On Sunday, Oct. 3, Pace hosted its third Model United Nations conference. Upper school students, as well as eighth-graders gathered in Fuqua to debate the topic of improving access to education and technology around the world. Since the model involved Pace alone, it served as more of a practice for delegates to hone their skills in preparation for actual conferences that will begin in late fall. “My hopes for delegates include being able to research and being able to speak from the point of view of a UN member state and to understand the partnerships that are so valuable in improving education: with private businesses, with foundations and with universities — the actions of sovereign states may not be enough,” said faculty adviser Helen Smith.
The Model United Nations program aims to allow students to learn about topics they would not otherwise be exposed to in school curricula alone. “I have put in a lot of work researching the topics of early childhood education and the digital divide,” said freshman Gavin Sender. This process allows students to think critically and outside of their comfort zone, as well as practice public speaking and research-based writing.
This year’s theme for PACEMUNC III extended the Isdell Center for Global Leadership’s focus on education and the different ways it is implemented and handled depending on region, resources and more. “My hope was to illustrate to delegates the significance of early childhood education, a topic that we often take for granted,” Ms. Smith said. Delegates like Sender noted that they are very interested in technology and education and thus found the topic fascinating to learn about.
Despite being a relatively low-stakes conference, students still put a notable amount of effort into this project. “I have learned a lot about research and analytical writing from Ms. Smith,” junior Marit Uyham noted about her preparation process. “The topics that the MUN Executive Board chose are very interesting and important and are also very dynamic themes due to the pandemic,” Uyham added.
Members of the Model UN Executive Board, including seniors Kargil Behl, Leah Favero and Ryan Varma and juniors Emma Beth Neville, Kate Webb and Mary Amelia Weiss served as the chairs of the conference, moderating discussion and offering feedback to delegates throughout the day. The debate commenced in the early afternoon and finished at 5:30 p.m. with multiple blocks proposing competing solutions about how to best improve access to education. “My favorite part of MUN is working with my friends to come up with a solution to these problems,” Sender said.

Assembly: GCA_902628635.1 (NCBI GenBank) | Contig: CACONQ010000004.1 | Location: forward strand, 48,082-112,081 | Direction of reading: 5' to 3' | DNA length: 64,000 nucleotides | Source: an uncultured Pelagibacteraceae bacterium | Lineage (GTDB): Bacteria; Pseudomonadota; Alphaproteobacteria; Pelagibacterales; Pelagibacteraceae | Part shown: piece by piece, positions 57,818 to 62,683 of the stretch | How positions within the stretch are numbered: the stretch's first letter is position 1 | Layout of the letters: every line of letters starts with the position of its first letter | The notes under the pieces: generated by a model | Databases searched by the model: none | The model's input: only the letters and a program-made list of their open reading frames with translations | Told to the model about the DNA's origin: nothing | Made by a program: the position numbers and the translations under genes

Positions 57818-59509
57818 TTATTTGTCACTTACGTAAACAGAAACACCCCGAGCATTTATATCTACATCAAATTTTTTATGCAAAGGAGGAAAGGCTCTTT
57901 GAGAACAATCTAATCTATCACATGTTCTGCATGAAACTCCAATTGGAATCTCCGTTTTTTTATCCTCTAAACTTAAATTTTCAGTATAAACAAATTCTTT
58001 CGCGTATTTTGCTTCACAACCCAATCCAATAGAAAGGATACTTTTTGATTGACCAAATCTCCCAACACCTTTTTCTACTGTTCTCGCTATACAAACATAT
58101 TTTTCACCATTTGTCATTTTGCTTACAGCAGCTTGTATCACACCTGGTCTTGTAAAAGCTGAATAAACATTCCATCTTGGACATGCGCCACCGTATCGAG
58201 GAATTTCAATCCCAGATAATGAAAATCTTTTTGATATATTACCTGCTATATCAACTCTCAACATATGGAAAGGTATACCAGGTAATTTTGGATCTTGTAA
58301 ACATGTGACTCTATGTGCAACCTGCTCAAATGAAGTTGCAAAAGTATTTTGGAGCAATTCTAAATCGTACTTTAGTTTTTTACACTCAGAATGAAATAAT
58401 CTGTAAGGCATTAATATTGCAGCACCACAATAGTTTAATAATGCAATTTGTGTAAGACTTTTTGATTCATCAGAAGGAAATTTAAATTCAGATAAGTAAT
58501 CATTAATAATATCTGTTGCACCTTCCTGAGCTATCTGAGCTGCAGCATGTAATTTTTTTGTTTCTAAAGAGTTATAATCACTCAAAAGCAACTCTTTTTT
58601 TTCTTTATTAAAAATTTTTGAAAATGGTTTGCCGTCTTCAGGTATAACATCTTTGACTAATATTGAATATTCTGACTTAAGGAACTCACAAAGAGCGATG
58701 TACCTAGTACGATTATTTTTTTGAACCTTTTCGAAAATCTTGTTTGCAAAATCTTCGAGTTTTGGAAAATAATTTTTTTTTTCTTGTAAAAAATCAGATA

Ms. Smith put in hours reading papers, suggesting, commenting, planning and meeting with students. “Many students needed help in focusing on their country’s proposal to address problems in education. The best part was when they followed suggestions and in the model presented coherent and thoughtful proposals,” Ms. Smith said. Faculty sponsors Dr. Christine Carter, Dr. Kaylan Haizlip and Dr. Don Dupree also helped with this process, and Mr. Marty Hamburger handled all logistics and materials in preparation for the model.
In the future, students can look forward to the upcoming William and Mary conference in November and a conference with Columbia in January. Sadly, these will both be virtual, but Ms. Smith hopes that Model UN travel can begin again soon enough. “There has been a specific effort to keep the program going internationally despite the pandemic, so I believe this organization will be stronger than ever in the future,” said Mr. Hamburger. Every passionate delegate looks forward to attending in-person conferences outside of Pace. “The best part of Model UN is the conference,” Uyham said. “It is an exciting experience to participate as delegates when real-world leaders are doing the same right now in New York.”